If challengers prevail when all votes are counted, the diversity of the Merced County Board of Supervisors could become more in line with the communities the board serves.
With all precincts reporting from Tuesday’s vote, Livingston Mayor Rodrigo Espinoza led District 1 incumbent John Pedrozo by nearly 290 votes. If Espinoza prevails after all the mail-in and provisional ballots are counted, he will be the first Latino on the board in more than a decade.
The county must certify all votes by July 7.
In District 2, Lee Lor – a longtime leader in the Hmong community – made a strong challenge against incumbent Hub Walsh. With all 59 precincts reporting, only 29 votes separated the two. Walsh, who is seeking a third term, had 39.27 percent of the vote to Lor’s 38.81 percent. The third candidate in the race, Casey Steed, received 21.8 percent of the votes.
If neither Walsh nor Lor receive a majority of the vote plus 1, they will go to a runoff election in November.
According to 2014 Census Bureau figures, Merced County’s population was 57.5 percent Latino, which is an ethnic identity that can be of any race. The county also is 8 percent Asian and 4 percent black, the Census Bureau showed. The percentage of residents identifying as white without being Latino was 29.5 percent.
Currently, the Board of Supervisors includes no ethnic or racial minorities. If elected, Lor would become the sole woman on the panel. The only current female supervisor is Deidre Kelsey, who is retiring this year.
Espinoza, who was elected as Livingston’s mayor in 2010, is the only Latino to hold a mayorship in Merced County. There currently are no black or Asian mayors in the county.
“I’m fluent in Spanish and was born in Mexico, and people feel like they can address their issues more easily,” Espinoza told the Sun-Star in 2014.
If Lor wins the seat, she will be the first Hmong American woman to hold an elected position in the Central Valley and second in California, according to Seng Alex Vang, a lecturer for the UC Merced Merritt Writing Program. Vang also runs a Facebook page called Hmong American Experience that has a following of nearly 8,000 and chronicles Hmong American stories.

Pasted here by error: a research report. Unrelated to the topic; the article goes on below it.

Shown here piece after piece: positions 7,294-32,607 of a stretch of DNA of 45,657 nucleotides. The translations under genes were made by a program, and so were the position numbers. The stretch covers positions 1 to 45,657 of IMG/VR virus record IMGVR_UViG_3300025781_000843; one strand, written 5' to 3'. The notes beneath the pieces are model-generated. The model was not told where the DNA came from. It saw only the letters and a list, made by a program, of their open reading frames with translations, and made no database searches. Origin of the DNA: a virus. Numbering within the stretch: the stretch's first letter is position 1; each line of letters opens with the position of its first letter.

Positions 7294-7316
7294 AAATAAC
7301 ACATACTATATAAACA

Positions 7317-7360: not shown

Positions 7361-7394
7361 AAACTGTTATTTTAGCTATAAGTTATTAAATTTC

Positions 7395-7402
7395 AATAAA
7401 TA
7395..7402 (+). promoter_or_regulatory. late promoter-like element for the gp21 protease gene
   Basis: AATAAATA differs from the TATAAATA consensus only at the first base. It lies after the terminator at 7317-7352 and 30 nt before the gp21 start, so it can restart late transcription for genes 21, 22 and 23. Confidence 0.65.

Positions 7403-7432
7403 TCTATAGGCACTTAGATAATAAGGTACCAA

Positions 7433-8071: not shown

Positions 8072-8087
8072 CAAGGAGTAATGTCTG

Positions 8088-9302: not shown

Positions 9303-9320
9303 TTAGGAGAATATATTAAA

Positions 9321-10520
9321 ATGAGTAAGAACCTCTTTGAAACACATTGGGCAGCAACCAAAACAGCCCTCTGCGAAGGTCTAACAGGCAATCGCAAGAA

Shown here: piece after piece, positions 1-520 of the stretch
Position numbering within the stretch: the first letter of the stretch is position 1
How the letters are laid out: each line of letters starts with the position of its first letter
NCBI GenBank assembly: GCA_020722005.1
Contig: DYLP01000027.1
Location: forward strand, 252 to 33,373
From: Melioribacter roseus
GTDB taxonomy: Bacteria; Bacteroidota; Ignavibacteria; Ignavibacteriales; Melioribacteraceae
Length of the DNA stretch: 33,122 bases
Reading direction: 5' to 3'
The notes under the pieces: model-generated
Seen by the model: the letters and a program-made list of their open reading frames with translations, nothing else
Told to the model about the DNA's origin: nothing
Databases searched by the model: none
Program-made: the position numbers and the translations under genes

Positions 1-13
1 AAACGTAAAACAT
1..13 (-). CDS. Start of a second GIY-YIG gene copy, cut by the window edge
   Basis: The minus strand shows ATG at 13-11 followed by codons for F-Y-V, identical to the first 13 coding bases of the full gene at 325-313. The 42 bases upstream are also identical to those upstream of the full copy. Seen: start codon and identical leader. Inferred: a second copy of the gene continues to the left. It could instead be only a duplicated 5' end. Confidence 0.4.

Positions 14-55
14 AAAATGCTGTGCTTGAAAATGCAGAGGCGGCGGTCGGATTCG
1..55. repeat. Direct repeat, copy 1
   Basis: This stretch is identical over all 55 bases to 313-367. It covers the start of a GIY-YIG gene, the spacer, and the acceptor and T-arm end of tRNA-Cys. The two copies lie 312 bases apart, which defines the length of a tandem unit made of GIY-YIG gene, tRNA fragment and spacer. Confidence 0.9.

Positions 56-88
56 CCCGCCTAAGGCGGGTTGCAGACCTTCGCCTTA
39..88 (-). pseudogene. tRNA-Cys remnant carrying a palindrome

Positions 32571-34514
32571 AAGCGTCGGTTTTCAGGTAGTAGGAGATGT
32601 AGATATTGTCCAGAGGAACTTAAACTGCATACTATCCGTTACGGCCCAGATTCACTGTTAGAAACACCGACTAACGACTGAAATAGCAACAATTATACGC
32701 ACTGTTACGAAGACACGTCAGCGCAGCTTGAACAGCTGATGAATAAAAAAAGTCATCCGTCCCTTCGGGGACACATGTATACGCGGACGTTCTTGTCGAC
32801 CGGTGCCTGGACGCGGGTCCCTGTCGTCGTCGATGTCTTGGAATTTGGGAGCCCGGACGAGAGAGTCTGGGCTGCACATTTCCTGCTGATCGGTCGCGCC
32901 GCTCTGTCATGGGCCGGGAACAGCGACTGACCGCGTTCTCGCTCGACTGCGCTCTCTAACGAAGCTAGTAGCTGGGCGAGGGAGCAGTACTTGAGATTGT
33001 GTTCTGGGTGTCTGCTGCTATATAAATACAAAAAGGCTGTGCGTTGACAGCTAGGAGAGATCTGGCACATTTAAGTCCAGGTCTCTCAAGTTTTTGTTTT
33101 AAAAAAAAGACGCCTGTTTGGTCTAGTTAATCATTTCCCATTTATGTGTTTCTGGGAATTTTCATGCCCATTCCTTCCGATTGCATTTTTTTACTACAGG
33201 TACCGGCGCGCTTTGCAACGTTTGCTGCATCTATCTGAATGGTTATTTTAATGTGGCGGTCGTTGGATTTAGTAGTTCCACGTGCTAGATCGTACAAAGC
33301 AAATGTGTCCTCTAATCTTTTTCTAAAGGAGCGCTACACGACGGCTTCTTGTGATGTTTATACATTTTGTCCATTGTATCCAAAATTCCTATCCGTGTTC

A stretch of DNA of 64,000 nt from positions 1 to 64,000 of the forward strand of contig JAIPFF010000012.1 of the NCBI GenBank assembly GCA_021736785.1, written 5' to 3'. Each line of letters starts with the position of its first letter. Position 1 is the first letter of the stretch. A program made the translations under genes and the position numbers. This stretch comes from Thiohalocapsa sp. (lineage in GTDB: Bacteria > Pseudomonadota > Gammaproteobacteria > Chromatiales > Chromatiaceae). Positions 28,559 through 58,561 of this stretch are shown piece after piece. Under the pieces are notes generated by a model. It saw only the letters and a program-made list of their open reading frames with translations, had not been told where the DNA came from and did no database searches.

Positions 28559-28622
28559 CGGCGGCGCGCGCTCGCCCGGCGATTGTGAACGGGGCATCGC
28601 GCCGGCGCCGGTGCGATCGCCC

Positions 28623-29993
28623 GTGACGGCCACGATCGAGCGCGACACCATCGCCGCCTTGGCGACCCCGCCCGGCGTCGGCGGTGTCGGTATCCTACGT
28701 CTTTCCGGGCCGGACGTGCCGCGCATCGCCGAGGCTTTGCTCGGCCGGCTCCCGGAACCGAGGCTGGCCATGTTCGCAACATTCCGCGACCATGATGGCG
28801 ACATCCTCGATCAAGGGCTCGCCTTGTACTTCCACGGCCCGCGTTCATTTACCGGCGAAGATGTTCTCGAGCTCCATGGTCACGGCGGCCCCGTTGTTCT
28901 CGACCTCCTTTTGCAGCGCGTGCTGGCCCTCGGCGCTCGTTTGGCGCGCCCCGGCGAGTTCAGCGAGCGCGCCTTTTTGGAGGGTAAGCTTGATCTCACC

“She’s, in a way, a pioneer, being a woman running for office,” Vang said of Lor. “It shows that the second generation (Hmong) born here can be part of the process. For refugees, some don’t know how to be part of the process. Even just voting is hard for them – going to the polls, understanding what candidates to vote for and what propositions to support.”
Christopher Ramirez, a faculty member for the UC Merced Merritt Writing Program, has lived in Merced for nearly a decade. “I haven’t witnessed much diversity in leadership,” he said.
The success of local minority candidates also reflects what’s happening on the national political stage, Ramirez said, with Hillary Clinton being the first woman to become the presumptive nominee of the Democratic Party.
“There’s definitely a hunger in our community for different voices,” Ramirez said. “It also speaks to fact that people want to see a different type of representative and can give them a fair and equal chance to see what they can provide to the community.”
Lor said she thinks her “ground level” work in the community made her a competitive challenger for Walsh. “With him being in office for so long, I think that’s where the disconnect was,” she said. “He was in policy and in government, but he lost the connection with the community and residents.”
Lor said her campaign is gearing up for a November runoff and hopes to take the win.
In District 4, a crowded race with five candidates looking to fill the seat left empty by Kelsey’s retirement, Lloyd Pareira won a solid lead with 42.1 percent of the votes. In November, Pareira will face a runoff with former Gustine Mayor Rich Ford, who received 23.25 percent of the votes.
Fidel Cervantes, the Delhi school board president, received 634 votes, or 15.39 percent, in District 4. He was followed by Merced businessman Jack Mobley, who received 518 votes, or 12.57 percent, and Delhi community leader Ramon Prado, who had 272 votes, or 6.6 percent.
Overall, Merced County’s voter turnout was higher than the last presidential primary, said Barbara Levey, the county’s registrar of voters. The elections office counted 23,974 ballots Tuesday.
About 7,700 ballots remained to be counted as of Wednesday, Levey said. On Tuesday, about 4,800 vote-by-mail ballots were dropped off at polling stations. Elections staff must validate the signatures and sort the ballots into one of 266 precincts. Staff also must contact voters who did not sign their ballots.
About 2,900 provisional ballots are included in the total remaining ballots that need to be counted.
After signatures are verified, the elections office will begin working on a detailed analysis on how each precinct voted.
Brianna Calix: 209-385-2477